How did St. Ignatius come up with The Rules for the Discernment of Spirits?

Who was St. Ignatius of Loyola? (click here)

St. Ignatius of Loyola’s (1491-1556) Rules for the Discernment of Spirits are the result of both:

  • His own interior life, characterized by rich affectivity and a remarkable spiritual self-awareness.
  • And a result of reflecting upon his own spiritual experience, that of others he assisted, and a desire to share these reflections with others.

A watershed moment in Ignatius’ life that began this whole process of the “discernment of spirits” was while he was on his convalescent bed in Loyola. After being wounded during a battle with the French troops in Pamplona, Ignatius returned to his native Loyola to undergo multiple surgeries on his damaged leg.

  • God’s providence: The doctor’s professional failure “opened a space in which God could intervene in Ignatius’s life. Had the [first or second] surgery been successful, in all likelihood the conversion story would end here: Ignatius, as he so desired, would simply have returned to his earlier life, the life his father and all his brothers were living, and Ignatian spirituality might never have been” (Gallagher, SCF, xxiii).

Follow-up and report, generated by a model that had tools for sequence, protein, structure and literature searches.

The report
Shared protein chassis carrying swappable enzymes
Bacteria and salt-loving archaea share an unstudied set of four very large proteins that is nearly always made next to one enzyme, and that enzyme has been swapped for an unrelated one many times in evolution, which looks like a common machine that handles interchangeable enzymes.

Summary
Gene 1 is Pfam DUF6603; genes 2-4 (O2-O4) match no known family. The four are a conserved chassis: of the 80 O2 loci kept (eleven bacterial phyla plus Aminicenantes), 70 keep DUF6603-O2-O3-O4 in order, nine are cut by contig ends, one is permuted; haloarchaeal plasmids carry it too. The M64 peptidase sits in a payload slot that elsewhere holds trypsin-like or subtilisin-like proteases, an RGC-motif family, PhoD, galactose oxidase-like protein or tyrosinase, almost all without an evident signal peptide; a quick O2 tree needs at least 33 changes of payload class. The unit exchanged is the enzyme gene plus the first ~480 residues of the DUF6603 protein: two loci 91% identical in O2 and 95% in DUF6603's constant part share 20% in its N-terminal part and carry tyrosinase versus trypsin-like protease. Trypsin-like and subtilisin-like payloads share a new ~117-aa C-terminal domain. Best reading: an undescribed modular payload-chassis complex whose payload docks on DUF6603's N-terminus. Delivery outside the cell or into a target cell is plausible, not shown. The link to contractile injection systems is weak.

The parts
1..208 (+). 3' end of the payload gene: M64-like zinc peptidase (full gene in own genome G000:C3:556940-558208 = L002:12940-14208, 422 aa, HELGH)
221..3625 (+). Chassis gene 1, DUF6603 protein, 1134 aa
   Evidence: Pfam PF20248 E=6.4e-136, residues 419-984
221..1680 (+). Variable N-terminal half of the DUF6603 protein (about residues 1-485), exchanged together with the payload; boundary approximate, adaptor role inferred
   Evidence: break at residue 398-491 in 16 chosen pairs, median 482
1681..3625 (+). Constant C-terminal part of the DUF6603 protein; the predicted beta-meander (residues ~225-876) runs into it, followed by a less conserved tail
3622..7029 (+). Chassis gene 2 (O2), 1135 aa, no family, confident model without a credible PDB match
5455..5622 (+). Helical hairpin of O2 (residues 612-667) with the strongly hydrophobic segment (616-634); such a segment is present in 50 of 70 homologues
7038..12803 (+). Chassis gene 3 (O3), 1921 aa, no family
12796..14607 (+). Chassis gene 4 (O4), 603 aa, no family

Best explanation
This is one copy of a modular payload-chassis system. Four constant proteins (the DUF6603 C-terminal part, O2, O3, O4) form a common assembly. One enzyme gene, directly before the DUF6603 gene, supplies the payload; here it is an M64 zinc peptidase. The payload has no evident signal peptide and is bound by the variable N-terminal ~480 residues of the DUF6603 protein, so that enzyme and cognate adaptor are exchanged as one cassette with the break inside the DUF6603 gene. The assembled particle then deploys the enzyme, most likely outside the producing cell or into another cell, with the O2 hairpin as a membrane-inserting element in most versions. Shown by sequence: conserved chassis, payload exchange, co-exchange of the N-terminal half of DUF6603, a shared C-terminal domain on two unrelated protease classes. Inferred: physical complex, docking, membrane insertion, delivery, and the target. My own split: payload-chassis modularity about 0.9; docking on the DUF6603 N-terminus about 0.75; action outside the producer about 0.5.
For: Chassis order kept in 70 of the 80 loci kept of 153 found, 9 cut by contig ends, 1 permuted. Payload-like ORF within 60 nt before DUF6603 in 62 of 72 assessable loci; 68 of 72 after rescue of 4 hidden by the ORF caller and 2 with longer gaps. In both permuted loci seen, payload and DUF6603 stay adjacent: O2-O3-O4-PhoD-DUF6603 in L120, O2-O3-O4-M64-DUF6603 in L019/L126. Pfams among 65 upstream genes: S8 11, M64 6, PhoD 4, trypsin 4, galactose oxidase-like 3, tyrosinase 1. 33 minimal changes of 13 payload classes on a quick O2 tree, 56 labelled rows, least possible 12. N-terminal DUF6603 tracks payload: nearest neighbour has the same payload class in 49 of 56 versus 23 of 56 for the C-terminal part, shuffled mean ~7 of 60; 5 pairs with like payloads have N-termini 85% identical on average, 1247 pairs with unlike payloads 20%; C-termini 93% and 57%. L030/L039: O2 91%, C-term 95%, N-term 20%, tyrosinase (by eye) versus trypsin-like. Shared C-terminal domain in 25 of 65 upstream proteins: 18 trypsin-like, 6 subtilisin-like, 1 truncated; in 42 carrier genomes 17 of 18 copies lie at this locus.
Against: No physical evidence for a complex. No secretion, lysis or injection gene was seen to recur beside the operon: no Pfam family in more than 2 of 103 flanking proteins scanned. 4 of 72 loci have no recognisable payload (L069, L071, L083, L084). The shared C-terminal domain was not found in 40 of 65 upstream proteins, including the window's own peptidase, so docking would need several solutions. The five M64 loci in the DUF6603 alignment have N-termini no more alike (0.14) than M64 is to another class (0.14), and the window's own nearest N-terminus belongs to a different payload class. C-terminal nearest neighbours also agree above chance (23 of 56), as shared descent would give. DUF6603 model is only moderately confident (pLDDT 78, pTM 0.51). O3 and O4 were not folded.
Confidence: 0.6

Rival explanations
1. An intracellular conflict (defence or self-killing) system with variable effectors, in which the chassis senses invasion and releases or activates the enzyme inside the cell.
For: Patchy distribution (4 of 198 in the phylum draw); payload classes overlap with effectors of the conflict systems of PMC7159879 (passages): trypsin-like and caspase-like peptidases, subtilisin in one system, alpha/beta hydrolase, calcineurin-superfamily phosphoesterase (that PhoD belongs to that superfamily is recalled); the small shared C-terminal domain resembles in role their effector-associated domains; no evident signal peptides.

I’ll comment on his conversion story, as outlined in Luis Gonzalez’s Autobiography of St. Ignatius:

“Ignatius was passionately fond of reading worldly books of fiction and tales of knight-errantry. When he felt he was getting better, he asked for some of these books to pass the time. But no book of that sort could be found in the house; instead they gave him a life of Christ and a collection of the lives of saints written in Spanish.”
By constantly reading these books he began to be attracted to what he found narrated there. Sometimes in the midst of his reading he would reflect on what he had read. Yet at other times he would dwell on many of the things which he had been accustomed to dwell on previously. But at this point our Lord came to his assistance, insuring that these thoughts were followed by others which arose from his current reading.
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While reading the life of Christ our Lord or the lives of the saints, he would reflect and reason with himself: “What if I should do what Saint Francis or Saint Dominic did?” In this way he let his mind dwell on many thoughts; they lasted a while until other things took their place. Then those vain and worldly images would come into his mind and remain a long time. This sequence of thoughts persisted with him for a long time.
  • Ignatius’s heroic desire to serve God like St. Francis and St. Dominic begs the question: In my respective vocation, why should I be less heroic?

A shift will now begin from:

  • intellectual exercise: “read”, “reflect”, “dwell”, “thoughts”, “reason”
  • affective experience: “intense pleasure”, “weariness”, “dry and depressed”, “great joy”, “sad”, “joy”